One of the many attributes of the late Paul Arden (who died in 2008) was his sheer good taste when it came to photography. Although this principally manifested itself in the print campaigns he commissioned, Arden was also a keen collector of photography and in later life curated his own Arden and Anstruther Gallery in West Sussex.
Until July 14, the Augustus Brandt Gallery in Petworth, West Sussex, is staging an exhibition of prints from four of Arden’s favourite photographers, Brian Griffin, Bruce Rae, Andrew Holligan and Gerry Castle.
Arden’s widow Toni, and some of the photographers, have shared the stories behind how these images came into Arden’s life.
The Guardian names Brian Griffin its Photographer of the Decade in the 1980s. Some of his most memorable images were for bands, such as Spandau Ballet, Ultravox and, shown above, (in ‘Broken Frame’) Depeche Mode.
Griffin recalls meeting Paul Arden for lunch. “It was 1980 when I first met and worked with Paul Arden, he was then the creative director of Saatchi and Saatchi. In the early 80s nouvelle cuisine was all the rage, wonderful small art pieces fit for a gallery would confront you on your plate in London’s top fashionable restaurants. One day I sat opposite Paul when the waiter brought him his dish. Paul looked down at it then excitedly spread out his arms and exclaimed ‘Take it away, take it away it’s too beautiful to eat!’”
Toni Arden says: “In the mid 1980s a box of photographs was left in reception at Saatchi and Saatchi for my husband, Paul. No name, no phone number, just the box of beautiful flower prints. My husband treasured this box and always wondered who had left them. In 2004 we opened a photographic gallery in Petworth and a man from the Photographic Society in Midhurst called in and asked Paul to give a talk to the society. On entering the flat in Midhurst where the talk was to take place he saw an image on the wall that he recognised as the work of the photographer who had left him the box of photographs many years before. The rest is history. Bruce Rae and his wife Anni became and remain solid friends.”
It’s easy to see the appeal of Holligan’s work to an art director like Arden, in particular his photographs of the white washed windows of closed-down shops, blown–up in scale to become Abstract Impressionist works in their own right.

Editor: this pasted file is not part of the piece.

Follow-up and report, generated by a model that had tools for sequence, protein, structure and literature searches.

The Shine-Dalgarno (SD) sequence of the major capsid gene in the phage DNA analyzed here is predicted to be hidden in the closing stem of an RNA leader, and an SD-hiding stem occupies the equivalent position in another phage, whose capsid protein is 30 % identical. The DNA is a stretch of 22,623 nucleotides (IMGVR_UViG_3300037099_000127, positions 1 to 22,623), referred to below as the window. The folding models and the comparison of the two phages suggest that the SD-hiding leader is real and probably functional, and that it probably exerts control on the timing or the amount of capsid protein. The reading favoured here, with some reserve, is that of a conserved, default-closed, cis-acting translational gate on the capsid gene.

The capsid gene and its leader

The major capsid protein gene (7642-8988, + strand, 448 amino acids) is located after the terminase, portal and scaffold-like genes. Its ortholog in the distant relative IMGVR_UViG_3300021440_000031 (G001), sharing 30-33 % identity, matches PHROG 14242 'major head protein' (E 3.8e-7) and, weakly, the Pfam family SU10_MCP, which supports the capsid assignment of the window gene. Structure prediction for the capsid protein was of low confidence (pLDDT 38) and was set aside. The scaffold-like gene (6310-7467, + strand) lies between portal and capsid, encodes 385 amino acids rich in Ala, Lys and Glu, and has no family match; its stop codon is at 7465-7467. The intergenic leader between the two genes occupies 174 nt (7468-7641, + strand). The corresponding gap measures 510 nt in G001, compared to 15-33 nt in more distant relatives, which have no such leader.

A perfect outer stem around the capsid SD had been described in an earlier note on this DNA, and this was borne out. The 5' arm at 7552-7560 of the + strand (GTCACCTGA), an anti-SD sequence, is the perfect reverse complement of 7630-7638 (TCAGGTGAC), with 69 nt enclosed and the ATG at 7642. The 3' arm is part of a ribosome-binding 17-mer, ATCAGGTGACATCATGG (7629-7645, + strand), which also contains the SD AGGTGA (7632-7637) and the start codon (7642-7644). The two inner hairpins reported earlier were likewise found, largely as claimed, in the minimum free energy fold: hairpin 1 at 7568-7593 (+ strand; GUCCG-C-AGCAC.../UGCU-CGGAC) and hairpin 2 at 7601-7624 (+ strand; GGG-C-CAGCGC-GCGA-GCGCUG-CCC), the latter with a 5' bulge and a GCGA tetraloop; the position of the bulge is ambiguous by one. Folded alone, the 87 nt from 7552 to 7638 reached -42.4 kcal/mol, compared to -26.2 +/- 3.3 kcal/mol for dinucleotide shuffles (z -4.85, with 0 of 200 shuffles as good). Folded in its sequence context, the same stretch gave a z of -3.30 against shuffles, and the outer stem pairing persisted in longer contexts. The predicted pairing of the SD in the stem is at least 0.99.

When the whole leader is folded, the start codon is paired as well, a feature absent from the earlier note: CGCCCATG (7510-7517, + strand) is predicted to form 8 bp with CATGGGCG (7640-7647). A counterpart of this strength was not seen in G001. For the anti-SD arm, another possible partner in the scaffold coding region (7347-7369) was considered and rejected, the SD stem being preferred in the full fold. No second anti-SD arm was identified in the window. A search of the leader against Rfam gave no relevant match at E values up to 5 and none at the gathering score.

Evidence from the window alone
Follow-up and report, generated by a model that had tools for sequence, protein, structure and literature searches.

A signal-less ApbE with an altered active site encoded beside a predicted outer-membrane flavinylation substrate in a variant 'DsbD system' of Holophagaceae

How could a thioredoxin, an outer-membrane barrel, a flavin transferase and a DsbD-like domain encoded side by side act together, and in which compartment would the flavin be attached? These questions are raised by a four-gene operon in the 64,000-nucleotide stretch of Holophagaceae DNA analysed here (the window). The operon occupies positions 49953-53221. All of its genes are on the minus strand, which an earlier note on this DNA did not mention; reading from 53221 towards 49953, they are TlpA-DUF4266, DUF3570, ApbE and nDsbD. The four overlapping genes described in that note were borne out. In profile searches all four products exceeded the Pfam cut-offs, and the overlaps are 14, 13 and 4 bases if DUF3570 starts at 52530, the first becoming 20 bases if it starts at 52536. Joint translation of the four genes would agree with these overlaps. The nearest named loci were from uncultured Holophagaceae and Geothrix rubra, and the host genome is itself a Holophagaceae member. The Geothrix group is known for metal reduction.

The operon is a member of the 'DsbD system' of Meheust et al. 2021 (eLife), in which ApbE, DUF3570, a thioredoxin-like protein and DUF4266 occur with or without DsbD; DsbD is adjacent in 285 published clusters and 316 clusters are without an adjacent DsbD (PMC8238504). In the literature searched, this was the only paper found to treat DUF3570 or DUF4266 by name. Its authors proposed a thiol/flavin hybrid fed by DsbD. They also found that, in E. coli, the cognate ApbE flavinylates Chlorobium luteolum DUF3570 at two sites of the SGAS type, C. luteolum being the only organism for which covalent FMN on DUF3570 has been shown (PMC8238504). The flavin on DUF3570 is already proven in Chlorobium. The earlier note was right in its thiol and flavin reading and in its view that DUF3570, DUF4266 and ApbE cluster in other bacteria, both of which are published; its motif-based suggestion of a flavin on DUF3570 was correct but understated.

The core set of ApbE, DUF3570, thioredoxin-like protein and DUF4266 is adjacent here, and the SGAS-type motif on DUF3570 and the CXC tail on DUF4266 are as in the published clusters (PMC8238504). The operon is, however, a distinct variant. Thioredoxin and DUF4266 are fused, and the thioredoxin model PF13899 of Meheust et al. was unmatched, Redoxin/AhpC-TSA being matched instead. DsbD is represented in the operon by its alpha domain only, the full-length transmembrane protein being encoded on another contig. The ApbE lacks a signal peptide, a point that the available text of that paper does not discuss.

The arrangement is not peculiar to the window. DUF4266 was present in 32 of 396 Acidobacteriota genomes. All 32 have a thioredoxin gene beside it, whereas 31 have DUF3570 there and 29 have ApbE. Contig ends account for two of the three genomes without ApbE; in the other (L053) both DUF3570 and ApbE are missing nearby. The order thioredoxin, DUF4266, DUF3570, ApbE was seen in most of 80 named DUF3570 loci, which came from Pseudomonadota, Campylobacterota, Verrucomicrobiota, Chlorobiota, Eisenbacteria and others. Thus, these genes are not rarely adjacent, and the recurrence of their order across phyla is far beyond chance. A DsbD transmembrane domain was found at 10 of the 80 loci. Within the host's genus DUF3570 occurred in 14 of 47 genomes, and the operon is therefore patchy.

Though Castle spent most of his working life as chief technician at first the National Heart Hospital and later at heart surgeon Sir Magdi Jacoub’s private clinic, in an earlier life he had produced a remarkable group of photographs of Liverpool in the 50s and 60s. “These precious images emerged from Gerry’s garden shed in 2005 and were the focus of a show at Arden and Anstruther Gallery in 2006,” Toni Arden remembers. “Bleak streets offer a counterpoint of children playing in front of their homes and in bombed-out buildings. The black and white imagery is a powerful evocation of a city still reeling from the war, but whose people’s faces tell of the indomitable spirit of Liverpudlians.”
Paul Arden was the Creative Director of Saatchi & Saatchi when the agency was at the height of its creative powers, working on campaigns for Silk Cut, The Independent and British Airways among many others. He went on to become a hugely successful author with ‘It’s Not How Good You Are, It’s How Good You Want To Be’ (Phaidon) and ‘Whatever You Think, Think the Opposite’ (Penguin).
The Paul Arden show is at the Augustus Brandt Gallery, Petworth, West Sussex, until July 14. Prints are for sale, prices range from £800 to £5,000.